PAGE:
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Republic of the Philippines

Department of Justice
National Prosecution Service
Province of Negros Oriental
Dumaguete City

AAAA, NPS Docket No. xxxxxxxx

Private Complainant,
-versus- INJURIES




The respondent, through the undersigned counsel most respectfully

opposes the private complainants Motion for Reconsideration, and in
support thereof avers that:

In her Motion for Reconsideration, the private complainant questions

the qualification of respondent BBBB a client of the YYYYYY (YYY). She
invokes the offices Operations Manual and argues that pursuant to the
regulations of the office, the respondent is not an indigent and is thus not
qualified to engage the services of the YYY. The respondent through counsel
submits otherwise.

The YYY Operations Manual states:

Section 1. Persons Qualified for Legal Assistance. Pursuant to Book

IV, Title III, Section 14 of the Administrative Code of 1987 in relation
to Presidential Decree No.1 and Republic Act 6035, the Public
Attorneys Office is mandated to represent, free of charge, indigent
persons or the immediate members of their family, in all civil,
administrative and criminal cases where, after due investigation, it is
determined that the interest of justice will be served thereby. In line
with the foregoing, YYY lawyers should extend legal assistance to an
applicant who is indigent and whose case is meritorious.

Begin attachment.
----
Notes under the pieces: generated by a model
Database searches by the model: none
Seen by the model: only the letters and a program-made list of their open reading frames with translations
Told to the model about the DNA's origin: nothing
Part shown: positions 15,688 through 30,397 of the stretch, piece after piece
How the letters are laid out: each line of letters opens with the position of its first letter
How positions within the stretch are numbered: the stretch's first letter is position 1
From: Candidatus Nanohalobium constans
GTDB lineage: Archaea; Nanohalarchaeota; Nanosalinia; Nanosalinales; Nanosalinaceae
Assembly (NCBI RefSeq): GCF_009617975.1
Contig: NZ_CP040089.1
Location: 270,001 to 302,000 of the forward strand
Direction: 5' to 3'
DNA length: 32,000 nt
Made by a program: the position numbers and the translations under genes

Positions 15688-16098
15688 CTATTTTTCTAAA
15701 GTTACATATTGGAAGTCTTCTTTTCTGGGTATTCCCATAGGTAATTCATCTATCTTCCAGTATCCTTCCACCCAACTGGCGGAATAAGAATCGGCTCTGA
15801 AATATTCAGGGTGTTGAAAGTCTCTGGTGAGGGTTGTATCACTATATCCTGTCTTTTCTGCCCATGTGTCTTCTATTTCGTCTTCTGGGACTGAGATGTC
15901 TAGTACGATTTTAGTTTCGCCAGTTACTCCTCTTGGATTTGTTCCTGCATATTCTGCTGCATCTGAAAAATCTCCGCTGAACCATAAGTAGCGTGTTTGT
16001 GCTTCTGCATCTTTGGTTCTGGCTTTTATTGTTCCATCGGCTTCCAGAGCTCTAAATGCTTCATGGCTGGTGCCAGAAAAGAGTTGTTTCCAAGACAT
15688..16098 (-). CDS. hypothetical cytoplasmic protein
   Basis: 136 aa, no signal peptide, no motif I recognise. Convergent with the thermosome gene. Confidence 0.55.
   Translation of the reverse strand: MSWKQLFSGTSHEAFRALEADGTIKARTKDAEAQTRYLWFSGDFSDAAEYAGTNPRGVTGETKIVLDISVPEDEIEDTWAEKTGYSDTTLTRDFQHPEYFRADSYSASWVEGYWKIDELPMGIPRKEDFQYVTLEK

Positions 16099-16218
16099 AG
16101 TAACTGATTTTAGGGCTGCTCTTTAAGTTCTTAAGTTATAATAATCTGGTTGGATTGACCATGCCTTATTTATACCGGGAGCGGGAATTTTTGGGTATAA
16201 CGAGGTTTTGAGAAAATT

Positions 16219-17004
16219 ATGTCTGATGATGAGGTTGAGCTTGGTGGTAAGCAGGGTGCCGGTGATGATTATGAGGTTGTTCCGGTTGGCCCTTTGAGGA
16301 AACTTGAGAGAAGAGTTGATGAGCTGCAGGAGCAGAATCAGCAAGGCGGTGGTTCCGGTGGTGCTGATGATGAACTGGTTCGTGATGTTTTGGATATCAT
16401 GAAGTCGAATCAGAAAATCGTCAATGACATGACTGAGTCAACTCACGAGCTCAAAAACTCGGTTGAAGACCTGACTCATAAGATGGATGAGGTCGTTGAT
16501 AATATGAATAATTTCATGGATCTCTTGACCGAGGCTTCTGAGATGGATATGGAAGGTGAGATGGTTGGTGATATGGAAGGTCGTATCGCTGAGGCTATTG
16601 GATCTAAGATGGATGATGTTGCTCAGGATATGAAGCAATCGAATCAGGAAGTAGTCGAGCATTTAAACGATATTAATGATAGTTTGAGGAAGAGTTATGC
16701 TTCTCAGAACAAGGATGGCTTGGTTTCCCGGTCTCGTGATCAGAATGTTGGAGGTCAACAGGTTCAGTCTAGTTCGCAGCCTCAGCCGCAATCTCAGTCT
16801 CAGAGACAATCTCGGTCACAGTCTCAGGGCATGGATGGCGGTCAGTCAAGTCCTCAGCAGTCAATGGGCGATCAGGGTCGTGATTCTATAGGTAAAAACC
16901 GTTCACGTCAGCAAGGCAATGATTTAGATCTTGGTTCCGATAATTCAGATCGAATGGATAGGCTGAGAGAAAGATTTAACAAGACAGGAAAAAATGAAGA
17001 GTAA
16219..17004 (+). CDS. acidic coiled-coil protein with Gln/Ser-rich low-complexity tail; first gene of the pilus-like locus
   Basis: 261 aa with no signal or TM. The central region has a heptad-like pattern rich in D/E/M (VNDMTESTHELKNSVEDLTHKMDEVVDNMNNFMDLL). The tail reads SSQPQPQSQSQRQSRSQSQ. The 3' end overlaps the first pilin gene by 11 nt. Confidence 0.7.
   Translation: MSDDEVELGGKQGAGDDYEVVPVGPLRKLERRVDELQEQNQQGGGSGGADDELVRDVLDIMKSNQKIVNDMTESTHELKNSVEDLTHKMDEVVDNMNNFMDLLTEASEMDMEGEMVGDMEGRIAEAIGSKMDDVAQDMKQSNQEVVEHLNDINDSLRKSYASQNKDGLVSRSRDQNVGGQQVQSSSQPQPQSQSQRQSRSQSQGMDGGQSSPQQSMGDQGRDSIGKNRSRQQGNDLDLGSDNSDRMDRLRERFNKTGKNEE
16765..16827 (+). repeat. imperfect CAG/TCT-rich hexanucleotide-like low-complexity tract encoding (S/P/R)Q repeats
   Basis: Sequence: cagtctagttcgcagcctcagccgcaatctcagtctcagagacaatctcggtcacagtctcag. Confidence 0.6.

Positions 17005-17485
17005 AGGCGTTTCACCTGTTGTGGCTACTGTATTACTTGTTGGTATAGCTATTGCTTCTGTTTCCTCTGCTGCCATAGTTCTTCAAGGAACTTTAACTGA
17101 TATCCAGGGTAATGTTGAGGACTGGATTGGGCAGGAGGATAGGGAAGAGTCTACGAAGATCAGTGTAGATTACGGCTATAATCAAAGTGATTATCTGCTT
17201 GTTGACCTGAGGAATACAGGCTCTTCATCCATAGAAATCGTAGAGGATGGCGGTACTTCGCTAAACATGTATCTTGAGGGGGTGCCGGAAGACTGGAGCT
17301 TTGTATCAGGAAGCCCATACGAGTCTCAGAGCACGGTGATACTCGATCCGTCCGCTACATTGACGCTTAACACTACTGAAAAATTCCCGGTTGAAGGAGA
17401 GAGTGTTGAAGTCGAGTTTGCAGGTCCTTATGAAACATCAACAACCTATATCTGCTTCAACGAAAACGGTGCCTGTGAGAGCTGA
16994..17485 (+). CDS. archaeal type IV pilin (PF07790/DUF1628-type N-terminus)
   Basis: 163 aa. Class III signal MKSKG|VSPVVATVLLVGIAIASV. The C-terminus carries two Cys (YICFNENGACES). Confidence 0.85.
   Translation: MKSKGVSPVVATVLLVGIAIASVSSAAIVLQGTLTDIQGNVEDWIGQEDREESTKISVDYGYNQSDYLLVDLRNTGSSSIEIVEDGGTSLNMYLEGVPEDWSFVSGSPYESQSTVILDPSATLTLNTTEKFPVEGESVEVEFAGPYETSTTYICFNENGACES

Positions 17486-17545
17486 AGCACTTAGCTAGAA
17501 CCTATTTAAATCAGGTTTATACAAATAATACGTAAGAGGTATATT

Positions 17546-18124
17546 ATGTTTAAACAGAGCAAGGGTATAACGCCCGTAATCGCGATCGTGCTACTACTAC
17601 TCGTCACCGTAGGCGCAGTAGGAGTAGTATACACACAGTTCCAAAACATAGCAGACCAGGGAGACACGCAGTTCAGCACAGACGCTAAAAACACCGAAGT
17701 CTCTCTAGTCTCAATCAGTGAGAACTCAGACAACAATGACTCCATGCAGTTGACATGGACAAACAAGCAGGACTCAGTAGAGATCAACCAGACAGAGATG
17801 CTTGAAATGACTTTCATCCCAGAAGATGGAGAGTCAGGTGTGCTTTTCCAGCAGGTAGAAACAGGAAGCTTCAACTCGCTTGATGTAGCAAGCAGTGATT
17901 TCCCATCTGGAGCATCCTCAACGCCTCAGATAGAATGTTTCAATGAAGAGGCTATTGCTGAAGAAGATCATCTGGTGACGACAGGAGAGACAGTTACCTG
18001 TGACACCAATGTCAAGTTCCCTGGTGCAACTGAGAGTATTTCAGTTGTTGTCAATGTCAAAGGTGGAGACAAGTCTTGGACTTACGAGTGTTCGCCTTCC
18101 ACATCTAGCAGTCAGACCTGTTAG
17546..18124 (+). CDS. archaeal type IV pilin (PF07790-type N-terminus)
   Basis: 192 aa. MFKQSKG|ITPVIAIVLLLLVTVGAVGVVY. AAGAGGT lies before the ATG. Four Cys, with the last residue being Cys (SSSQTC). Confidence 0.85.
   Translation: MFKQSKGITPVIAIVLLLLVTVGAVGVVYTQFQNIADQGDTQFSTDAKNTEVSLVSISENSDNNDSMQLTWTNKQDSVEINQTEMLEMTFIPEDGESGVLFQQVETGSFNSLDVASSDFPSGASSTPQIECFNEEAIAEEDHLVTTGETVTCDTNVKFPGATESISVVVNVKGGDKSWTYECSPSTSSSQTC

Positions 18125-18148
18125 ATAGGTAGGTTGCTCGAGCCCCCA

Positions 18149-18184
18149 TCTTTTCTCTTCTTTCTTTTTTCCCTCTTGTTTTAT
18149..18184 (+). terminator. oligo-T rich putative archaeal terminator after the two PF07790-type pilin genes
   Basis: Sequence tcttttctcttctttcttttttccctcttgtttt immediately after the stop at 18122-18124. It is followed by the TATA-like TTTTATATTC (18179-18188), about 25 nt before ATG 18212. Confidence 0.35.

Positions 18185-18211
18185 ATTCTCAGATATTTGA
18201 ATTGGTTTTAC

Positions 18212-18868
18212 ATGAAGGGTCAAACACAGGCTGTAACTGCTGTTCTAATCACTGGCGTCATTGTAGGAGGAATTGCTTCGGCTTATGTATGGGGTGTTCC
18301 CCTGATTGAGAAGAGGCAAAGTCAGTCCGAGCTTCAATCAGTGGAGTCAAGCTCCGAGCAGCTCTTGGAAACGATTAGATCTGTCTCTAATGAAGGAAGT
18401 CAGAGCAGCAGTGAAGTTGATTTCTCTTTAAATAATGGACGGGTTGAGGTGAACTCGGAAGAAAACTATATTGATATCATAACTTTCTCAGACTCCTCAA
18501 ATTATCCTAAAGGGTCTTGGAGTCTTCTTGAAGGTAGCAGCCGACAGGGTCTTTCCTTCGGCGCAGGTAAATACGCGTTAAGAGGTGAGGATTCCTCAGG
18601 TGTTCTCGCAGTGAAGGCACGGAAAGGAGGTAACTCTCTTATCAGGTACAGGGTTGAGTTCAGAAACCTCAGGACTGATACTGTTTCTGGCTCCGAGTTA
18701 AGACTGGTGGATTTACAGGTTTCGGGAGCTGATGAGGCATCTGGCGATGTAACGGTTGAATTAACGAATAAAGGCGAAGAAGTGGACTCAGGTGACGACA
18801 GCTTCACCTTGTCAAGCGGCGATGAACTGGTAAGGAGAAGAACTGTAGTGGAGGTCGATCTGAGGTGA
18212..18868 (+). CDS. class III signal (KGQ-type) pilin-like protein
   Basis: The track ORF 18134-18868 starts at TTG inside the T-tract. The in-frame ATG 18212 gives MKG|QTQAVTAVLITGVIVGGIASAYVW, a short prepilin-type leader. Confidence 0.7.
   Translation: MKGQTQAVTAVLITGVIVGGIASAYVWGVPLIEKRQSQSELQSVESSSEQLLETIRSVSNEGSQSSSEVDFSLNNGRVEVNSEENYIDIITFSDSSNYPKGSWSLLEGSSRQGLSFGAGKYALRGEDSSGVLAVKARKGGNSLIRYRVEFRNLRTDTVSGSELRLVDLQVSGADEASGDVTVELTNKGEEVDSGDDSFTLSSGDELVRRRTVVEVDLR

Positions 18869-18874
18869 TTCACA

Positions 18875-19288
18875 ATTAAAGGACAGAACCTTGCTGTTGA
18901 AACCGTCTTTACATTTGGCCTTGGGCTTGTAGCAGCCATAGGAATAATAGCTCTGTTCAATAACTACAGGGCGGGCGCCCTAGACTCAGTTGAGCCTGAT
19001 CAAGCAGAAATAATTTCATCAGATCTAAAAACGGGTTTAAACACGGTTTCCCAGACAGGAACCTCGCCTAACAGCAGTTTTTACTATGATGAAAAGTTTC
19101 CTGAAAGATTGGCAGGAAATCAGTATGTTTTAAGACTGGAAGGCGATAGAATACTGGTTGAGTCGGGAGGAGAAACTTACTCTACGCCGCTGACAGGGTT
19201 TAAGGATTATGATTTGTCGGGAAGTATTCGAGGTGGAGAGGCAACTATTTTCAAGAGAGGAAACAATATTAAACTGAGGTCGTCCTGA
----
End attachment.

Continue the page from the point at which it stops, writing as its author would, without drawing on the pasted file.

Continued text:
Sec. 3. Indigency Test. Taking into consideration recent surveys on

the amount needed by an average Filipino family to (a) buy its food

consumption basket and (b) pay for its household and personal
expenses, the following shall be considered indigent persons:

1. Those residing in Metro manila whose family income does not

exceed P14,000.00 a month;

2. Those residing in other cities whose family income does not

exceed P13,000.00 a month; and

3. Those residing in all other places whose family income does not
exceed P12,000.00 a month (As amended by MC No. 2, Series of 1998
dated August 25, 1998) The term family income as herein
employed shall be understood to refer to the gross income of the
litigant and that of his or her spouse, but shall not include the
income of the other members of the family.

Pursuant to the above quoted provisions, herein respondent

BBBBclearly qualifies as an indigent client of the YYY. As pointed out by
the private complainant in her Motion for Reconsideration, the respondent is
just a college student of ZZZZZZ University and is therefore not gainfully
employed. Just because the respondent is studying in said institution does
not mean he is not an indigent considering that it is his parents who are
paying for his college education and not the respondent himself. Further,
considering that the indigency test is based on the monthly income of the
client himself and not his parents, or his blood relatives, or the kind of
vehicle he drives, BBBBis an indigent for purposes of complying with the
requirements of the YYY. Also, attached to this pleading is a copy of the
Barangay Certificate, issued by Barangay Captain TTTTT, attesting to the
fact that the respondent is indeed an indigent.

At the outset, it should be noted that in his Motion for